On August 18, 2020, the S&P 500 set a record high for the first time since COVID-19 ushered in a bear market on February 19. The cycle from peak to peak was just 126 trading days, the fastest recovery in the history of the index, erasing losses from an equally historic plunge of almost 34% in February and March.1
Based on the traditional definition of market cycles, the new record confirms that a bull market began on March 23 when the index closed at its official low point. This also confirms that the February-March bear market was the shortest on record, lasting just 33 days.2
Although the strong comeback is good news for investors, there is a striking disconnect between the buoyant market and an economy still struggling with high unemployment and a public health crisis. The market is not the economy, but the economy certainly affects the market. So it may seem puzzling that the market could reach a record high not long after the largest quarterly decline in gross domestic product (GDP) in U.S. history.3
Furthermore, stocks jumped to new record highs at the end of December after President Trump signed a pandemic relief package into law. The S&P 500, the Dow, and the Nasdaq closed the day at record highs as investors saw the stimulus relief as a boost to economic recovery
Optimism vs. exuberance
Whereas GDP measures current economic activity, the stock market is forward looking. The rapid bounce back suggests that investors believe the pandemic will be controlled at some point and that business activity will return to normal. The current economic situation remains tenuous, but there are hopeful signs. With a vaccine available investor optimism rises and economic confidence returns. In the meantime, the virus continues to suppress business activity amidst the holiday spike.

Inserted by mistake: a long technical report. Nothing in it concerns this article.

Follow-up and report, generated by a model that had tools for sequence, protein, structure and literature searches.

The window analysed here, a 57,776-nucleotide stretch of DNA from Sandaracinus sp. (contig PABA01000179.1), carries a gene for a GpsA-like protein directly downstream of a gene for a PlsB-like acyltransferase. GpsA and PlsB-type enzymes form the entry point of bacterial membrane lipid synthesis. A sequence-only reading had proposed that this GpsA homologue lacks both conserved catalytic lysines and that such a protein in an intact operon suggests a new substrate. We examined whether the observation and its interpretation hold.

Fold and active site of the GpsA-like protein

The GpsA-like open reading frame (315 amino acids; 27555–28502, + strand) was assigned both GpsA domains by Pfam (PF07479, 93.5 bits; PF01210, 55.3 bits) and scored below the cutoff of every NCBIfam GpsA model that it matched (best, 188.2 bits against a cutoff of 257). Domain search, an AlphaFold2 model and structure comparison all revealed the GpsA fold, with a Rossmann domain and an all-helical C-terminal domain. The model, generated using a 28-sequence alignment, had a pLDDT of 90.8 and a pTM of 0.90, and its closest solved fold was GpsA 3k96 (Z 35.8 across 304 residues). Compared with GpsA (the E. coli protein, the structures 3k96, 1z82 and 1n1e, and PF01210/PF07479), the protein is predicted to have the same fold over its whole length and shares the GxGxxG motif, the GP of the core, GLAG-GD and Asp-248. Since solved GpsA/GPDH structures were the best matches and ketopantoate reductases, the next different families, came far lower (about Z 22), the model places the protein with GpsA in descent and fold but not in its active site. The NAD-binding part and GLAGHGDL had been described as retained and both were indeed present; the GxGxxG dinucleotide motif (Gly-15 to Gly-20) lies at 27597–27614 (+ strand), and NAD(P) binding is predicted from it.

Nowhere else to go
Low interest rates make it easier for businesses and individuals to borrow, but they have reduced bond yields to the point that many investors are willing to take on greater risk in equities in order to generate income. Money that might normally be invested in the bond market has poured into stocks, driving prices higher. This situation has its own acronym: TINA, There Is No Alternative to Stocks.11
Big tech at the wheel
While the S&P 500 is generally considered representative of the U.S. stock market as a whole, the recovery has centered around technology companies, which have helped provide goods and services throughout the pandemic. The Big Six tech stocks — Apple, Facebook, Amazon, Netflix, Microsoft, and Alphabet (Google’s parent) — were up collectively by more than 43% for the year through August 18. By contrast, the rest of the companies in the S&P 500 were down collectively by about 4%. The Big Six tech companies now represent more than one-fourth of the total market capitalization of the S&P 500 and thus have an outsized effect on index performance.12
Are stocks overvalued?
The most common measure of stock value is price/earnings (P/E) ratio, which represents the stock price divided by corporate earnings over the previous 12 months or by projected earnings over the next 12 months. The projected P/E ratio for the S&P 500 on August 18 was 22.6, the highest since March 2000 at the peak of the dot-com bubble. Big tech stocks were even higher, trading at 26 times their projected earnings, and the Big Six were higher still at more than 40 times projected earnings.13-14
In considering these valuations, keep in mind that these are extraordinary times, and traditional expectations and measures of value may not tell the whole story. If nothing else, the extreme volatility and rapid market cycles of 2020 have illustrated the importance of maintaining a diversified all-weather portfolio and the danger of overreacting to market movements. While new records are exciting, they are only signposts along the road to achieving your long-term goals.
The return and principal value of stocks and bonds fluctuate with changes in market conditions. Shares, when sold, and bonds redeemed prior to maturity may be worth more or less than their original cost. Investments seeking to achieve higher yields also involve a higher degree of risk. Diversification is a method used to help manage investment risk; it does not guarantee a profit or protect against investment loss. The performance of an unmanaged index such as the S&P 500 is not indicative of the performance of any specific investment. Individuals cannot invest directly in an index. Past performance is not a guarantee of future results. Actual results will vary.
1, 3, 6, 8, 11, 13) The Wall Street Journal, August 18, 2020
2) CNBC, August 18, 2020
5) U.S. Bureau of Labor Statistics, 2020
7) The Wall Street Journal Economic Forecasting Survey, August 2020